How Do Taste Buds Really Work?

I've been a picky eater all my life. When I was a kid, my mom would have to make me a separate dinner on certain nights because I refused to eat what she was making for the rest of my family. I was an extremely annoying kid. Thankfully as I have gotten older, I have been willing to try more exotic foods and I can say that my mom no longer has to make me a different meal from my family. However, I would always get mad when my family would get frustrated with me if I didn't like a particular food. It was once thing if I just refused to try it, but if I didn't like it, you can only blame that on my taste buds right?
For a simple overview of tastebuds, there are around 10,000 of them and each of them picks up sweet, sour, salty, bitter and umami tastes. Although taste buds allow us to enjoy all the savory, rich flavors there are in foods, their main purpose is to protect us against poisonous food we could potentially eat on accident. So it seems like taste buds do all the work when it comes to eating and tasting certain flavors, however there is another component that is equally important.
Smell plays a huge role when someone is eating food. We've all heard of the trick of plugging your nose when you have to eat something you don't like and this is why that is a good recommendation. As this article states, we may think a particular food tastes like another food, but our taste buds only recognize 5 specific tastes so our sense of smell had to effect our perception of taste. If you're interested on some theories as to why men and women crave different foods or how texture and culture effect what foods we like, I suggest reading that second article, it's pretty interesting and you can see what theories hold true for you.
So how do scientists know smell effects taste? At the end of the second article, people in a newsroom tried three different flavors of jelly beans: black licorice, banana, and cappuccino. Each person closed their eyes and plugged their nose and as they ate a jelly bean they had to guess what flavor they were eating. On average only 33% of the people guessed right. I think that definitely says something about how smell effects your taste considering how different all three of those flavors are. However, this study was not very professionally done. Yes, it was already a pretty sure thing that smell effected taste, but if you were to just go off this one test, it's not too reliable. They only used people in the newsroom and chances are that wasn't too many people. So not only is the study small, but it doesn't give a good variety of people.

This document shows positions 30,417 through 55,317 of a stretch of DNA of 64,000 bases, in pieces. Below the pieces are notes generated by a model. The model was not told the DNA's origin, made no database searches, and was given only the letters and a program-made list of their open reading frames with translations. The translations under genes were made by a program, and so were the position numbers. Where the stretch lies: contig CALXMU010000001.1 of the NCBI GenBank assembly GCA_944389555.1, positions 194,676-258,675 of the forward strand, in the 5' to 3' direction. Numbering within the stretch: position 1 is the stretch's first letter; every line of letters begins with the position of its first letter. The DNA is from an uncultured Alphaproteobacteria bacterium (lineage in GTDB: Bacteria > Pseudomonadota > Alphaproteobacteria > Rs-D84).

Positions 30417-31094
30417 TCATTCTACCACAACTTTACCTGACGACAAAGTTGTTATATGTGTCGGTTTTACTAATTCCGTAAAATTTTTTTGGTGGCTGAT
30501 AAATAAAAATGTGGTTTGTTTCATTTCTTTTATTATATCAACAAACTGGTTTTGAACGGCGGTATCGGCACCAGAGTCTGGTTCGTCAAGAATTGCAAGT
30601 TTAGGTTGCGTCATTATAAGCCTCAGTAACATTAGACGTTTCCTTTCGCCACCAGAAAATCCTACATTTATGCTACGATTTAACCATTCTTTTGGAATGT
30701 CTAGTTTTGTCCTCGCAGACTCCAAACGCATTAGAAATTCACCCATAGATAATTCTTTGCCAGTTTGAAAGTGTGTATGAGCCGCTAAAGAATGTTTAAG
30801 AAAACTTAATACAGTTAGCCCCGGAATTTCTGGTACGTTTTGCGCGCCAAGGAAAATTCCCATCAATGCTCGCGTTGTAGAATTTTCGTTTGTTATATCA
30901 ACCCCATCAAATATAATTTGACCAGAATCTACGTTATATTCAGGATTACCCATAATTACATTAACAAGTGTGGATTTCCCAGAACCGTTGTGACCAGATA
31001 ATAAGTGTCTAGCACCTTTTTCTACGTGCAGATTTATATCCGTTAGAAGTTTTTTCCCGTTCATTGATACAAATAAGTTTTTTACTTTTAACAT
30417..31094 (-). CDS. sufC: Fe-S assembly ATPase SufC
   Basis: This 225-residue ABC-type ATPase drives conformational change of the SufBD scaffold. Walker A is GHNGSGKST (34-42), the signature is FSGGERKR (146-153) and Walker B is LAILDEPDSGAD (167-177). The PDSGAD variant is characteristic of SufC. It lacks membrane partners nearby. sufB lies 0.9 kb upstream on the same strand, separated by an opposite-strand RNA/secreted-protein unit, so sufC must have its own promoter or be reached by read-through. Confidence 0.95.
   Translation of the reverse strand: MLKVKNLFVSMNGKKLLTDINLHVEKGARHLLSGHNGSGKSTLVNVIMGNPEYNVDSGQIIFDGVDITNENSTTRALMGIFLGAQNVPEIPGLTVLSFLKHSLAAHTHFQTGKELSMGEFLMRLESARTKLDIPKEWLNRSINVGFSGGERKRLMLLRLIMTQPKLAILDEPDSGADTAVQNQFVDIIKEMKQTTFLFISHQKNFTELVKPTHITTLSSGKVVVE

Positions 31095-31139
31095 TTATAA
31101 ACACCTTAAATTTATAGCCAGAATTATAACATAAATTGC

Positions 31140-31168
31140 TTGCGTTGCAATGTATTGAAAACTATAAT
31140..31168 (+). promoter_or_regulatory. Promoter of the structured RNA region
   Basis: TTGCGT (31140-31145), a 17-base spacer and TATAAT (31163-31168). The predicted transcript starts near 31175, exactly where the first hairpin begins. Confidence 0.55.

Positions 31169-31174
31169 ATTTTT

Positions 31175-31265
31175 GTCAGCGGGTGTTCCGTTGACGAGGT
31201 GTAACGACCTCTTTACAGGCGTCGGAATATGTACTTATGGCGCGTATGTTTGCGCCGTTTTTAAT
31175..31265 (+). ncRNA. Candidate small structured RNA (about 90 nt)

With that being said, it's pretty clear that taste buds don't act on their own when dealing with taste and flavors of foods. So for those of you who are like me who are pretty picky when it comes to food, you can explain this to the people who make fun of you and maybe they'll lighten up with the jokes.

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As a kid I always refused to eat broccoli and I still hate it to the day so I feel your pain. But the tongue is an interesting part of the body because of how small it is an how intricate it can be. The tongue which can detect different types of tastes quicker than others generally can detect sweet and salt tastes at the tip of the tongue. Bitter tastes take a little longer because they are detected on the back of the tongue. Although it varies person to person it can be different. Another thing common in America is MSG which affects taste sensitivity as well, its like a drug for your tongue as it intensifies particular tastes in food. I've always wondered what made things have an after taste or why certain foods made your breath smell bad as well.
Click Here to learn more interesting things about your tongue you probably didn't know

In high school, we did a lab in Anatomy that was extremely similar to this whole theory where we had to test our taste buds with the reaction we felt from placing chemicals on our tongues. It was an extremely cool experiment and I learned that I am a "super-taster" where I react to all tastes. It really is a experiment that I recommend all people try out. Tastebuds is a very interesting topic for me, because I have a huge bare patch on my tongue where I was convinced I lost tastebuds because I burned them off from a candy called "ShockTarts" seven years ago. Apparently, you always are regenerating tastebuds, so I technically should have them back right now, so maybe it wasn't tastebuds I lost I just could have a "geographic tongue".

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